By Steven Jackson
Beloit College alumnus Mark Spreitzer’09 is running for Beloit City Council. His platform emphasizes his fresh perspective as a young person, his love of Beloit, and his commitment to field citizens’ concerns and represent them in local government. The Round Table sat down with Spreitzer this week to learn about his political views, his take on the Beloit community, and other sundry tidbits.
Round Table: Why did you decide to run for city council?
Mark Spreitzer: I’ve been involved in city government a bit in the past. A current council member [suggested] that I run when I was a student. We talked through that option and I decided I didn’t have time to balance that with being a student, but the idea stuck with me.
What made the decision to do it right now actually was working on the Feingold campaign. Last April through November I worked as an organizer for Russ Feingold’s senate campaign, and one of the main parts of my job was to organize people going door to door, and going door to door myself. The first question we asked at the doors was, “Are there any issues are concerns you have?” Everything we heard we’d feed up the chain and Russ would get it. But I wanted a chance to ask people those questions and then do something about it.
Now I have the ability to go door to door and ask people for votes, but also ask them what matters to them and then be able to say “Great, if I get on the council I can look into that and I can get back to you on that.” I’m excited to have the direct opportunity to work on issues that people are talking to me about.
RT: What are you most excited about working on as a council member?
MS: The first thing, whether I’m excited about it or not, is the city’s budget. We’re the largest recipient of state funds of any city [in Wisconsin], so with the cuts coming down we’re going to be very, very affected. The next council will have to decide what programs get saved and what programs get cut.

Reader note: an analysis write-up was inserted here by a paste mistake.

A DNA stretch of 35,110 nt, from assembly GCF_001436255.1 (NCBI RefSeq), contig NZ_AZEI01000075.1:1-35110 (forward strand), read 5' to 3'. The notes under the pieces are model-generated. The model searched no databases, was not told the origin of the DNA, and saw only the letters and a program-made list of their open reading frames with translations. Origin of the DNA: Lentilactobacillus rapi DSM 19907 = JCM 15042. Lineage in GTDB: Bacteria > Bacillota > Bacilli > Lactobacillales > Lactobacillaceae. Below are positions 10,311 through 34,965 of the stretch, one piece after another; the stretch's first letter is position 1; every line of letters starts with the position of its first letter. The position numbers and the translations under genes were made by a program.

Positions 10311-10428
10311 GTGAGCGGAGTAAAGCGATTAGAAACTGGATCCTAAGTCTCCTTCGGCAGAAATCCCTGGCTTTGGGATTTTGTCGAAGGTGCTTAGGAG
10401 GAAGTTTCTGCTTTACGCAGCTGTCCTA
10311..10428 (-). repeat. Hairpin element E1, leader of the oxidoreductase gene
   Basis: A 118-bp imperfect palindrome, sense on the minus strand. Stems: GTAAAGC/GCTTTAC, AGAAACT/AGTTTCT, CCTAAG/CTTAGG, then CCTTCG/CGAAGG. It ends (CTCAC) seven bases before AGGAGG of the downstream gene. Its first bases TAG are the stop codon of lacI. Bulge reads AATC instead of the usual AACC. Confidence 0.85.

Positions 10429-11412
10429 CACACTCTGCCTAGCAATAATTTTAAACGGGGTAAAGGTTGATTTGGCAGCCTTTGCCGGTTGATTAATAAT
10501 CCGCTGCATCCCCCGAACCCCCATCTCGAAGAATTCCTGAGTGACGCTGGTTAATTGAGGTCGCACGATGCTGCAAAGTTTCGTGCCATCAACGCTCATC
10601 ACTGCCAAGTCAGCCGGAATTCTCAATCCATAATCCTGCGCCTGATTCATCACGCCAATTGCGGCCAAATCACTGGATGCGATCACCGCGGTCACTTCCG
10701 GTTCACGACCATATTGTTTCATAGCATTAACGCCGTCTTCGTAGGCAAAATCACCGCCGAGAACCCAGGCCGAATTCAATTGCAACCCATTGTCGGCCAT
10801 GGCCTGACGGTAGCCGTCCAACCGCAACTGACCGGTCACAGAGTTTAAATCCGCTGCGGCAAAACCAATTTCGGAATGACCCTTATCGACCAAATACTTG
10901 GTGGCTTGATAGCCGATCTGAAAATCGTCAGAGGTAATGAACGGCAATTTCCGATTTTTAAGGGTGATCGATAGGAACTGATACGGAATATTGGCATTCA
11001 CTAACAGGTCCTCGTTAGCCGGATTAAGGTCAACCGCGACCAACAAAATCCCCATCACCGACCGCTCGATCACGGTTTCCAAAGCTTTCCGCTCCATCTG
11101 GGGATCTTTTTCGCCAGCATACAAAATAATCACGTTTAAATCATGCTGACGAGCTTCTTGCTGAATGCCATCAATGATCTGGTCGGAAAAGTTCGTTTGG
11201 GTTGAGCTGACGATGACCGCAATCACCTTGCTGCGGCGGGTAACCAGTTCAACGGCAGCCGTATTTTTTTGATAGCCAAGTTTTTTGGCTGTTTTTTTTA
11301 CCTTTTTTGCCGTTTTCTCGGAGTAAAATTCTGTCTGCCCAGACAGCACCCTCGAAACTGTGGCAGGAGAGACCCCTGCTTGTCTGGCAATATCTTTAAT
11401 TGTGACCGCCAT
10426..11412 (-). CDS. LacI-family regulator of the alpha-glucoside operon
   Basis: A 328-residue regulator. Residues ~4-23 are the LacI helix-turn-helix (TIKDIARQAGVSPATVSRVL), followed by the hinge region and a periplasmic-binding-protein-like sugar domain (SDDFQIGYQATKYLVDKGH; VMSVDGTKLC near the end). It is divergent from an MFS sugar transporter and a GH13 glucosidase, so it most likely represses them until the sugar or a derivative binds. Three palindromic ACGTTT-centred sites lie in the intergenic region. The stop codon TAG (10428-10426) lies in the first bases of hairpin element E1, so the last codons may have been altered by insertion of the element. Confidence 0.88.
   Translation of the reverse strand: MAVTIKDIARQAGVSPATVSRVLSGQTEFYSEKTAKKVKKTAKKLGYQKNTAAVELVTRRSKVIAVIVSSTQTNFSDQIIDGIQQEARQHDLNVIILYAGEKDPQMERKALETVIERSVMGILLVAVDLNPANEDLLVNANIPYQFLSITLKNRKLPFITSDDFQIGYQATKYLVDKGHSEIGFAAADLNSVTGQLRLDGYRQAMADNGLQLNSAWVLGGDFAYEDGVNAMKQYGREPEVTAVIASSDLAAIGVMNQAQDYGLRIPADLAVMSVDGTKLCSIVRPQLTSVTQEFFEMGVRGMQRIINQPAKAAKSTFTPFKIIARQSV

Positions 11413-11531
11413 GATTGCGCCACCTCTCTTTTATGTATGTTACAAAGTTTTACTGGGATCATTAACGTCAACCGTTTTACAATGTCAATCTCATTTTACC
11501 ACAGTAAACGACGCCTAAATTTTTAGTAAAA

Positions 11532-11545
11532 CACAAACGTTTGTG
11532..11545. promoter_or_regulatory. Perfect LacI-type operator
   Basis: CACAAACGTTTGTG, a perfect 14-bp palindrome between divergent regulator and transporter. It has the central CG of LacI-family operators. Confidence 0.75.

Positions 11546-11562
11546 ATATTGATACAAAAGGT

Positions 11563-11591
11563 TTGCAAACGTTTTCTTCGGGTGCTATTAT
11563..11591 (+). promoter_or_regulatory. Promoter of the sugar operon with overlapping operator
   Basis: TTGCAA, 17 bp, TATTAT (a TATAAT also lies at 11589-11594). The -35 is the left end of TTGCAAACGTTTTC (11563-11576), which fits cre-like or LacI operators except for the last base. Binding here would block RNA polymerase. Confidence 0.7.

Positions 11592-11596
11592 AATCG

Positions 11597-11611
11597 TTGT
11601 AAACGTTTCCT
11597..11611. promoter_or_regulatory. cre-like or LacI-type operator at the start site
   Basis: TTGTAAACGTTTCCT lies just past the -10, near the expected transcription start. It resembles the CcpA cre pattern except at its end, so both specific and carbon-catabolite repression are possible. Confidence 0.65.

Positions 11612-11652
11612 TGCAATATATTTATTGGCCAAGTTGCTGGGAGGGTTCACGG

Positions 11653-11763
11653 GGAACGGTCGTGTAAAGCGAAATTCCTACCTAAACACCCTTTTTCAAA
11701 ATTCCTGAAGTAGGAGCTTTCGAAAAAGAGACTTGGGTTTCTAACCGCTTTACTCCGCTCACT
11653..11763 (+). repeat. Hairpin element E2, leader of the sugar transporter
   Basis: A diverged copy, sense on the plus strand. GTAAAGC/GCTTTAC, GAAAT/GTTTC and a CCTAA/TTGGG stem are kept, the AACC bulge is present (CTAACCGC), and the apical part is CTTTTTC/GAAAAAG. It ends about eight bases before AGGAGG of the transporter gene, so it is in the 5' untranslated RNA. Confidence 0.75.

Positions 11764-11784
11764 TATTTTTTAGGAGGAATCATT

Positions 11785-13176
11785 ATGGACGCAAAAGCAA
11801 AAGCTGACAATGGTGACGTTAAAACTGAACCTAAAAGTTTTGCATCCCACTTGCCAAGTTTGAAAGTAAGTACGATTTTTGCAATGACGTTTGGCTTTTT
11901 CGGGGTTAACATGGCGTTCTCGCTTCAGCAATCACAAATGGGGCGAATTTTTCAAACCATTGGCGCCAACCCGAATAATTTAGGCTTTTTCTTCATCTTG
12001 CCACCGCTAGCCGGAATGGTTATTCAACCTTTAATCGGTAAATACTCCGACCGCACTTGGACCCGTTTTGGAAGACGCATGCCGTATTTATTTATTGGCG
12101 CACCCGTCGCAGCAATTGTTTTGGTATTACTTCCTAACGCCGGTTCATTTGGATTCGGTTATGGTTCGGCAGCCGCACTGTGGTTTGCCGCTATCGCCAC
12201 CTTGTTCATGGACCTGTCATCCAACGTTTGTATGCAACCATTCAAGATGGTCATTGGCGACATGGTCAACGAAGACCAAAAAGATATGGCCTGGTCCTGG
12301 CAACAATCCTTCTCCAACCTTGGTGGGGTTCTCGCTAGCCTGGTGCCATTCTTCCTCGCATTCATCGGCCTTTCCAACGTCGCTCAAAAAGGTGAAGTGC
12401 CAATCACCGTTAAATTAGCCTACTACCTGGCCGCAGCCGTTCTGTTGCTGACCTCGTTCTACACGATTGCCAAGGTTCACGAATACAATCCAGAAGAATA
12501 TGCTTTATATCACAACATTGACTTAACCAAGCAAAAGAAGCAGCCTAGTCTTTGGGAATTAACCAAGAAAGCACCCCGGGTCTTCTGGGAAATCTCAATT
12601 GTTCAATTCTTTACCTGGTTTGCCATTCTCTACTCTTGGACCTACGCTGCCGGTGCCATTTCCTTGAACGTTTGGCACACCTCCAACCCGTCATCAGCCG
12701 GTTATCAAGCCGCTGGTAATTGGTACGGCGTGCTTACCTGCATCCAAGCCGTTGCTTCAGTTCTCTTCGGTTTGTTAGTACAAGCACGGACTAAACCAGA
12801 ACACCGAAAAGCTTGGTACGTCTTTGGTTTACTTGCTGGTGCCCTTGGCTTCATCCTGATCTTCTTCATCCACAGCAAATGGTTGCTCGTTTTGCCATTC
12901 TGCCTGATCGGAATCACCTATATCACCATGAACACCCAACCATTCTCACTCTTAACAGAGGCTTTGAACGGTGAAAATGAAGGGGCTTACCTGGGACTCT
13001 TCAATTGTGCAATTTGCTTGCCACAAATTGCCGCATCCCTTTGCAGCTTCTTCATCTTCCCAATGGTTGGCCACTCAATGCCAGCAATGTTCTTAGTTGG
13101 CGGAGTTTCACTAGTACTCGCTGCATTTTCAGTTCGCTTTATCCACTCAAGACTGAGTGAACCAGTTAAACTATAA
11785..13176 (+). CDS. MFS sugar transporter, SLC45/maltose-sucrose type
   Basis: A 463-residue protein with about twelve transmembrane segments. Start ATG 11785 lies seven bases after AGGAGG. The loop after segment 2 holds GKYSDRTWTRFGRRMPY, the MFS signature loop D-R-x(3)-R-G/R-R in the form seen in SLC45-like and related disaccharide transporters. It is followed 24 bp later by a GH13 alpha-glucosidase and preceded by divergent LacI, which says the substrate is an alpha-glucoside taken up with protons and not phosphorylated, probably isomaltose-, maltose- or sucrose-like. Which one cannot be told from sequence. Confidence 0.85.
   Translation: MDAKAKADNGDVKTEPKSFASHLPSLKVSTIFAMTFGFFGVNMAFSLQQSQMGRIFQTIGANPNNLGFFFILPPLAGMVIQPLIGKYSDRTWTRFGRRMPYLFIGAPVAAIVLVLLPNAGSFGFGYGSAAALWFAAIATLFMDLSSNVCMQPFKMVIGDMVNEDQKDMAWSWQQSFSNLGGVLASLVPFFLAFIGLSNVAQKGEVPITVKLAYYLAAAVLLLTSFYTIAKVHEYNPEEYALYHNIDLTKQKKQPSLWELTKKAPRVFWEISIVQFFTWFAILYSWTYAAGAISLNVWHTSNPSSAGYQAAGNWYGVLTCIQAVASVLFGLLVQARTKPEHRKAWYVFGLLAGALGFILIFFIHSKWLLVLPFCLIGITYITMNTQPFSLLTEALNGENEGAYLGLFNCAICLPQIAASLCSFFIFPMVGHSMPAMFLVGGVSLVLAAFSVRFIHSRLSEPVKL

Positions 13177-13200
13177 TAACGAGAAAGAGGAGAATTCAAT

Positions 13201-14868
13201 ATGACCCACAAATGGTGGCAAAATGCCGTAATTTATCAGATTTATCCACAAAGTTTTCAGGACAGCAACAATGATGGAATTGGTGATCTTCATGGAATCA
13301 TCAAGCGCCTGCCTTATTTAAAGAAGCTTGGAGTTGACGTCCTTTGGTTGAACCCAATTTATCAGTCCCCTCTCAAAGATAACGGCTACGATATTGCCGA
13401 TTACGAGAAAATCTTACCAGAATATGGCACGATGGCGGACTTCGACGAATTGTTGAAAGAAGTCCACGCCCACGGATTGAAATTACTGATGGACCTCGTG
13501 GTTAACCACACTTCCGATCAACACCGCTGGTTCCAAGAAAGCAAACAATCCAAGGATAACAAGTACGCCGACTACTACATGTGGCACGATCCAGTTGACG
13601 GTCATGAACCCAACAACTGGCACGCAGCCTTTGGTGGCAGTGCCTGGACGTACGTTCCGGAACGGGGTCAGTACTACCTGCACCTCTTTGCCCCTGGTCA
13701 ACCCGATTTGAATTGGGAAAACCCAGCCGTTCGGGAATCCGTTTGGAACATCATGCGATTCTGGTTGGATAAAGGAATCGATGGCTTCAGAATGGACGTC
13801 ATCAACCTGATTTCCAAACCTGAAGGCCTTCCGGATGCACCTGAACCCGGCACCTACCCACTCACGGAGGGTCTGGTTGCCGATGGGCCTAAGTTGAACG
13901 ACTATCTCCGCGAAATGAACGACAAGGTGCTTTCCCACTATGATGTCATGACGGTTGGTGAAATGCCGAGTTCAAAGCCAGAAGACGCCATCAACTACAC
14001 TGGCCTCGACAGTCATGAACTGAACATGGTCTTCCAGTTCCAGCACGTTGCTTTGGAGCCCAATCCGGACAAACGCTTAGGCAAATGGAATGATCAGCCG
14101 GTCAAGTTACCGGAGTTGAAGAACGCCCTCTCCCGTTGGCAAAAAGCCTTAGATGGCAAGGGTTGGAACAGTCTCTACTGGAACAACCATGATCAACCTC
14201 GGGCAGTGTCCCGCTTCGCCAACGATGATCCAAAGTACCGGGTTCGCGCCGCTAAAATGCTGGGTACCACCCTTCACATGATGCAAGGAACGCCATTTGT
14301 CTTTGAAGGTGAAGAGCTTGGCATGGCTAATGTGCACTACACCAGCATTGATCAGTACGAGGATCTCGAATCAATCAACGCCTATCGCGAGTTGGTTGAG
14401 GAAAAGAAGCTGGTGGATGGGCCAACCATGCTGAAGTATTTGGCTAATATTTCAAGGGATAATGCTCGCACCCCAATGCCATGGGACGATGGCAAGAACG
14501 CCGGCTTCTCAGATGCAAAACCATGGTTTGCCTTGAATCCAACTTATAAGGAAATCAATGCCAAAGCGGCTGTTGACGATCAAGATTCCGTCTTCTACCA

Once we get through those really difficult things, I’m excited about some of the initiatives that are going in the city, [such as] a project to put solar panels on City Hall and the fire department headquarters. I also want to do what I can at the city level to help with different neighborhood groups, and make sure there’s someone from city council to go to those groups and hear what they have to say and be actively involved. There are a couple of people on council who take an active interest in that, but I wouldn’t say that’s the majority.
RT: This is your first time running for office. What were some of your first impressions?
MS: At first it was really intimidating actually putting my own name out there…I had to get over this mental barrier…It’s easy to ask for something for someone else [but] it’s really hard sometimes to ask for something for yourself, and I had to be willing to do that.
Balancing the time between “I have to do this organizational piece,” and “I have to be out talking to voters,” is really a challenge. I’m the best asset the campaign has for getting votes…my time is best spent face to face with voters. At the same time, if I’m the campaign manager, I’m the best asset that the campaign has for strategy and organization.
RT: Why should students care about local politics?
MS: Students bring a voice that needs to be heard and can make a difference in elections, whether as voters, volunteers, or organizers. I think Beloit college students can really help shape the community that they’re a part of for four years, and I want to encourage that.